While the Proms consist almost exclusively of classical concerts occasionally there are unique non-classical events, such as last year’s Comedy Prom, where humorous songs were performed and celebrated.

The most famous event of the calendar is the Last Night of the Proms, where popular and patriotic pieces are played and the audience take the opportunity to sing loudly along while waving flags and looking posh.

The Proms may appear elitist and anachronistic but they can be tremendous fun and genuinely moving. Give ‘em a try this year, they may just surprise you.

Is the BBC planning to bring back Eldorado? Let’s hope not

There are rumours circulating the internet that the new BBC director general George Entwistle my be considering returning 90’s super-flop soap to our screens.

In what may be either be a bad joke, a malicious rumour or a genuine piece of crazy thinking, a former member of the show’s crew, Paul Davies, has written in the BBC’s in-house magazine Aerial of the need for Eldorado’s ‘triumphant return’.

He goes on: “Critics would argue it was hubristic, too excessive and the axe deserved to fall prematurely, I would argue it was ambitious, ahead of its time and an example of the BBC machine working at its very best. I just hope a channel controller sees the potential and commissions a revisit to Eldorado in the future.”

Whether this bizarre plea has reached the ears of the new DG is unknown but bringing the show back to the channel would certainly be one of the strangest things he could do. The programme was filmed on a purpose-built set in Spain but was derided by critics and disliked by viewers, it ran for just a year before being scrapped. The set has reportedly been used to shoot porn films since.

Our guess is that this whole story is just a gag designed as a welcome present from the BBC to their new leader.

Superstar: ITV get their chance to plug Lloyd Webber ‘s new musical

After the BBC shows ‘I’d Do Anything’, ‘How Do You Solve a Problem Like Maria’ and ‘Any Dream Will Do’ showed how TV companies could make hugely popular shows by creating extended plugs for Andrew Lloyd Webber stage productions, ITV have finally got their own addition to the canon starting this weekend.

Superstar will find ALW, Jason Donovan, Mel C and (for no obvious reason) Dawn French sitting in judgement over a string of stage school kids all competing to win the role of the son of God in the upcoming stage revival of Jesus Christ Superstar.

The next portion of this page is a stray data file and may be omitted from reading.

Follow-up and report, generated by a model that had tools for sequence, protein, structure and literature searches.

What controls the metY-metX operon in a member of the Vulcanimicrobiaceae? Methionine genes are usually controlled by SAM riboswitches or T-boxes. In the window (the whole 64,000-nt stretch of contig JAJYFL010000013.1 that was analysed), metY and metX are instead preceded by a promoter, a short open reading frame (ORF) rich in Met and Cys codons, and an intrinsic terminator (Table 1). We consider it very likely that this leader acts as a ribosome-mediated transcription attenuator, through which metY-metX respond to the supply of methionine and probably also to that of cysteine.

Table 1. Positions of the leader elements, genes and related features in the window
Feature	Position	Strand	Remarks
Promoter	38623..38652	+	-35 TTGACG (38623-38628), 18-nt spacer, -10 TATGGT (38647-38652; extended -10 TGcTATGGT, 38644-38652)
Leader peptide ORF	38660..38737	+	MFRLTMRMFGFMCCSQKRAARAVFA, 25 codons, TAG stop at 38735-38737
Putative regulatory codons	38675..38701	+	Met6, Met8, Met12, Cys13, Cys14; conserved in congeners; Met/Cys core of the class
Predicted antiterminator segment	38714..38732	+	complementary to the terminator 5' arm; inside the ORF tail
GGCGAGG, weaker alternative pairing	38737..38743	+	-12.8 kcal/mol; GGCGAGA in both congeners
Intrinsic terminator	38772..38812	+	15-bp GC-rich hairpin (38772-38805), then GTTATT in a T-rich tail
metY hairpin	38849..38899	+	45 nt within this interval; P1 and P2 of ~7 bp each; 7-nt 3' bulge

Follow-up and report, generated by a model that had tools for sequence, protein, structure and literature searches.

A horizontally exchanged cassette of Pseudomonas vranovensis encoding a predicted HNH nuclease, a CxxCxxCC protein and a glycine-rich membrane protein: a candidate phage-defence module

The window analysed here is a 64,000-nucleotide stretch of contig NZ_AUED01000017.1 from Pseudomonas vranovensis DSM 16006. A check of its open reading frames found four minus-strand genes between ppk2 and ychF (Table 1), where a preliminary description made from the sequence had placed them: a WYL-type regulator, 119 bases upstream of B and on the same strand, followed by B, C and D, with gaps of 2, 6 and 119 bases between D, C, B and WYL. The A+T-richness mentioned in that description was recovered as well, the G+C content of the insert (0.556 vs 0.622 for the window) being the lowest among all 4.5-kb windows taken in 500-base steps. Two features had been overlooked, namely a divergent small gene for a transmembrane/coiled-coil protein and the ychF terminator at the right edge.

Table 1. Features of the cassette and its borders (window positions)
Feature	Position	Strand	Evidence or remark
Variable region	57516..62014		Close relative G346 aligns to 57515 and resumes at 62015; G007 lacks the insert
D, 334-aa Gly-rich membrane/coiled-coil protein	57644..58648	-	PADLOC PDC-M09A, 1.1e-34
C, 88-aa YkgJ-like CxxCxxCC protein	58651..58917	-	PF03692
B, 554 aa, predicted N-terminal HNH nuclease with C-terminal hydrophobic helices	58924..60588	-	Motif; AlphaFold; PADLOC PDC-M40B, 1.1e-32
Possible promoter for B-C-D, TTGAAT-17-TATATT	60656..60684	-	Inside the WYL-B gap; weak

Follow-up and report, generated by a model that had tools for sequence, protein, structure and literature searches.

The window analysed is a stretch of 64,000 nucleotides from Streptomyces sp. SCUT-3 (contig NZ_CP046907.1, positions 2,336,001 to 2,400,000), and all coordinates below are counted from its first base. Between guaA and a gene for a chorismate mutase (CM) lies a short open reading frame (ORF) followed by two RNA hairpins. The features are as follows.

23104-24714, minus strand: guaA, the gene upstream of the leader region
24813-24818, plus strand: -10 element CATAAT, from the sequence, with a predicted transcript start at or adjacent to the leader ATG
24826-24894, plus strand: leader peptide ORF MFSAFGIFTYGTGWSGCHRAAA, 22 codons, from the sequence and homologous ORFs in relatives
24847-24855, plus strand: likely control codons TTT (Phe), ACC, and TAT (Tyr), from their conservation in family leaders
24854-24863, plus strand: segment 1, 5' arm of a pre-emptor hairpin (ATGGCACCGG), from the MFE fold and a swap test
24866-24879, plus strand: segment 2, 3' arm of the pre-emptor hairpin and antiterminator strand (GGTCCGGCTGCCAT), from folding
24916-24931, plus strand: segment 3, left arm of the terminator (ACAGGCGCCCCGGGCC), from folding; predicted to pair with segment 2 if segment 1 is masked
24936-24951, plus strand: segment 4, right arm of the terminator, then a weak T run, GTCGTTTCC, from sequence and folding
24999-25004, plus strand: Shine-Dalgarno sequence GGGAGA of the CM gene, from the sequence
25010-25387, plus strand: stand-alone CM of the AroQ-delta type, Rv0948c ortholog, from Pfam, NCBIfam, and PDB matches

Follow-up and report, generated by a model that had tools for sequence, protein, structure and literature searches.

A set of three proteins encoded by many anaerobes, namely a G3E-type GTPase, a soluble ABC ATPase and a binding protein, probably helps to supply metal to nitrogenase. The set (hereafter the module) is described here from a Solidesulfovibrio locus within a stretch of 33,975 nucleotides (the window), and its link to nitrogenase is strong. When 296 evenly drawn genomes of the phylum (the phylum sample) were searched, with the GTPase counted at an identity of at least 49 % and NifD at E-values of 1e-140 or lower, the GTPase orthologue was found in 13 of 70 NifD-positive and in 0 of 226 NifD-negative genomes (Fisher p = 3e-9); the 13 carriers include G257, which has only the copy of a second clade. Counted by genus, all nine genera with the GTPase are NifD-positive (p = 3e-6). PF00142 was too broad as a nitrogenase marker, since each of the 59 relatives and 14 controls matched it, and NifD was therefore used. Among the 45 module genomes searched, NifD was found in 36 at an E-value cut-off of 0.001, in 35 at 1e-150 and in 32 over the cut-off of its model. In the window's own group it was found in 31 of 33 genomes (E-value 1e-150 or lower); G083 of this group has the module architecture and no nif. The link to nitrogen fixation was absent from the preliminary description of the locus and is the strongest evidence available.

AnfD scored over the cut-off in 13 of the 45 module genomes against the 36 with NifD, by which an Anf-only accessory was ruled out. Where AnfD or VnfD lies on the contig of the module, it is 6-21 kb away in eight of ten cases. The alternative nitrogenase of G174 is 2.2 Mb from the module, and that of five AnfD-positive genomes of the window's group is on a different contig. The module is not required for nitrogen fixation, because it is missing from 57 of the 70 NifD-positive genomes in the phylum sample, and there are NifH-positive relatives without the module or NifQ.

The competing prospective Christs will have to undergo a series of physical and mental tests in the course of the series, including an assault course, novel writing and a ‘who-can-make-the-crispiest-Yorkshire-pudding’ contest.

Not really, they just sing songs from the show and eventually, after weeks of free publicity for Lloyd Webber and his hippy twaddle shout-fest, someone will be crowned No.1 Jesus.

At least winter won’t feel as long.

Comedian Eric Sykes RIP. 1923-2012

Eric Sykes, who had died today (4/7/2012), collecting his CBE from the Queen in 2005

Eric Sykes died today aged 89 after a short illness, his manager Norma Farnes said.

One of the most endearing and popular comic actors of his generation, Sykes was still appearing on the West End stage into his 80s, even though he became almost totally deaf and nearly blind.

Sykes found fame in a series of TV sitcoms from the 1950s, including Sykes And A… alongside Carry On star Hattie Jacques.

Sir Bruce Forsyth paid tribute to the star, calling him “one of the greats of comedy in this country”.

“He was universally loved here,” the entertainer continued. “He was just one of the funniest men ever.”

Comedian Stephen Fry wrote on Twitter: “Oh no! Eric Sykes gone? An adorable, brilliant, modest, hilarious, innovative and irreplaceable comic master. Farewell, dear, dear man.”

Actor Bernard Cribbins, who starred in two of Sykes’ comedy shorts, The Plank (1979) and It’s Your Move (1969), also paid tribute: “I just wish him a lot of rest up there with all the other comics, Spike Milligan and Harry Secombe. They will all be up there, having a laugh together.”

Sykes’ film credits include Harry Potter And The Goblet Of Fire (2005) and Those Magnificent Men In Their Flying Machines (1965). He was also a novelist, director and producer.

Here he is being interviewed by Des O’Connor:

Image: Andrew Parsons/PA Wire

Eric Sykes has passed away: For anyone under 40, here’s who he was.

Eric Sykes, who has died age 89, was one of the most respected figures in radio, TV and film comedy. A writer, performer and director he worked with almost every significant comic in post-war Britain. He appeared with, wrote for or directed (among many other) Tommy Cooper, Tony Hancock, Peter Sellers and Spike Milligan and Leonard Rossiter.

Sykes was one of a generation of script writers and performers who were responsible for making the nation laugh from the 1950’s until the 1980’s, he has his own hit sitcom (called Sykes) and made all-star silent film The Plank.

He also worked uncredited on literally hundreds of productions and you will almost certainly have laughed at least one of his jokes without knowing its provenance. In an age when most TV comics write their own material (or like to pretend they do), people with the comic skills of Eric Sykes are becoming increasingly rare, perhaps the modern world would benefit from a new generation of old-fashioned, all-round gagsmiths of his ilk.

RIP Eric Sykes – a fine, funny man.